EAST RUTHERFORD, N.J. -- Fourteen seasons in the NFL have taught Eli Manning not to make too much of one game.

Sure, the New York Giants' offense was pathetic in a season-opening 19-3 loss to the Dallas Cowboys on Sunday.

The statistics screamed bad game: three points, 233 total yards, 35 on the ground, 53 total plays, just under 26 minutes of possession, three sacks. It was awful, and even missing leading receiver Odell Beckham Jr. with a sprained ankle was no excuse for such a performance.

There was blame to go around a couple of times, from the offensive line to the wideouts who could not get open.

Manning was quick to answer when asked if he was worried about the offense, which also struggled last season despite an 11-5 record.

"First game," the two-time Super Bowl MVP said. "Guys were playing fast, got some good guys out there, some new bodies. So, we'll bounce back. We'll be fine. We just have to slow down, everybody take a breath and just run the plays the way we've been running them all spring and all summer."

Chiefs: Smith shrugs off win, turns focus to Eagles
KANSAS CITY, Mo. -- A year ago, all four of Kansas City's regular-season losses came after big wins. Big wins like the Chiefs' rout of New England last week to open their season.

Two of those losses came at Arrowhead Stadium, which will be the site of Sunday's game against Philadelphia. The Eagles opened their season with a 30-17 win over Washington.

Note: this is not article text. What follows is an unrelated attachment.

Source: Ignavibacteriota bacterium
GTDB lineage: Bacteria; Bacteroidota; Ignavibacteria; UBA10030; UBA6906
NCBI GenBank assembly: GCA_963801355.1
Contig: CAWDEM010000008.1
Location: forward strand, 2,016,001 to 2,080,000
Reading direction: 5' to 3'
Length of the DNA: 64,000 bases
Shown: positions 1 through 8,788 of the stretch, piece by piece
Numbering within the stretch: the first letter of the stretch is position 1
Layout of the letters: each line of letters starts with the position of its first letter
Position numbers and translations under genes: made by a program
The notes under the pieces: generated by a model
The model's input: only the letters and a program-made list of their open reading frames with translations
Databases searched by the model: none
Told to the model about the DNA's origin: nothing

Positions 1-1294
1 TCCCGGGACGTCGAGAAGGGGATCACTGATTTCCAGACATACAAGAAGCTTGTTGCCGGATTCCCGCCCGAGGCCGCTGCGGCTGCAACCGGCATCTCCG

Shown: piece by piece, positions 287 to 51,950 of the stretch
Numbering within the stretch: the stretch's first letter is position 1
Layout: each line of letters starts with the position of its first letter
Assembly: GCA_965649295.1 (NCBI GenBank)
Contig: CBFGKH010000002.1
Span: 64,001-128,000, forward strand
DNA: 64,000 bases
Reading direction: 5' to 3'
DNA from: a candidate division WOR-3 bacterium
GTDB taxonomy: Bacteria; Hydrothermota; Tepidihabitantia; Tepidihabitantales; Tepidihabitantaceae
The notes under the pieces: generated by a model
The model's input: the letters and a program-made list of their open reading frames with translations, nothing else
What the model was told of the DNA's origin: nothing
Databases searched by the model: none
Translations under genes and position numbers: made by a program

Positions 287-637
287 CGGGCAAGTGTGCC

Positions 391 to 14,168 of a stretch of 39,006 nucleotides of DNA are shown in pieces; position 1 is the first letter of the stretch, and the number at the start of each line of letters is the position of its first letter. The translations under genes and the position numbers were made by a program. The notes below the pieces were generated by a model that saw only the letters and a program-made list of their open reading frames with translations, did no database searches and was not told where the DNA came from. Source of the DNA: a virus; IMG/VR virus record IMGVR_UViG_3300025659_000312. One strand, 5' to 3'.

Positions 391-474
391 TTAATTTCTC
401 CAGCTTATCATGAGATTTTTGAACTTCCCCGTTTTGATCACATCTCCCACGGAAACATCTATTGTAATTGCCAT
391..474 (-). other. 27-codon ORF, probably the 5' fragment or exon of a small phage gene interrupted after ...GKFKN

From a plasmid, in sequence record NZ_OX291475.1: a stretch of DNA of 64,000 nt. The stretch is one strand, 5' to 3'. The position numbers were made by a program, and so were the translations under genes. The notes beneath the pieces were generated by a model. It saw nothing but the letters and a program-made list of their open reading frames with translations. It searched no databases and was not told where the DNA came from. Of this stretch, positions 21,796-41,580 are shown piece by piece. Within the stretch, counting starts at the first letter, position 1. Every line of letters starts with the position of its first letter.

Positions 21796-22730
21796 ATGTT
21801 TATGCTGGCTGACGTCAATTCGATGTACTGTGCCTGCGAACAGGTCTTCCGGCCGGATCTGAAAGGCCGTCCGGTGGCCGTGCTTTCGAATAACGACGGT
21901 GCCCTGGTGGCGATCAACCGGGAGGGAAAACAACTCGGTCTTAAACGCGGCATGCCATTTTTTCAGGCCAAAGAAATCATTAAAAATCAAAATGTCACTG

For quarterback Alex Smith, word that he was the AFC's offensive player of the week after the upset of the Patriots brought only a brief smile.

"I just think that if you play long enough you realize how quick things can change," Smith said Wednesday. "One week everybody's raving about you and how quickly it can flip if you drink the Kool-Aid."

Smith finished the opener 28-of-35 passing for 368 yards and four touchdowns, but that's old news to him and the rest of the Chiefs.

"Certainly it's nice but at this point I feel like preparations are already begun on the Eagles," he said. "I've certainly seen teams where they play really good and they're feel so good about themselves and walk into the next week and get smacked in the mouth."

Vikings: Captain Bradford now comfortable as leader 
EDEN PRAIRIE, Minn. -- Sam Bradford has been named one of the Minnesota Vikings' captains, an obviously natural selection as the quarterback.

This is the first time for Bradford serving in that role on the field since 2013 with St. Louis, though, thanks to an injury and two trades. Finally settled after that whirlwind season in 2016 for the Vikings, Bradford has the comfort in his surroundings to help foster the high level of leadership that his position demands.

"It means a lot, and I take a lot of pride in it," Bradford said. "I think there's a lot of responsibility that comes with that and I'm going to do everything I can to make sure to live up to that."

The 29-year-old's performance in the opener Monday against New Orleans sure looked like that of the franchise player.

"I said this offseason that this would be a big year for Sam," said tight end Kyle Rudolph, who caught one of the three touchdown passes. "I wasn't surprised."

The first pick in the 2010 draft by St. Louis, Bradford never truly found his footing there with some weak supporting casts and major injuries that squelched his progress. He didn't play in his final season with the Rams because of a torn ACL in his right knee for a second straight year. Then he was dealt to Philadelphia in 2015 and to Minnesota in 2016. Setting the NFL record for completion percentage last season was quite the accomplishment considering he arrived eight days before the opener.

Redskins: Cousins aims to rebound vs. mentor
ASHBURN, Va. -- When Sean McVay left the Washington Redskins to coach the Los Angeles Rams, Kirk Cousins signed a jersey for him with a poignant message.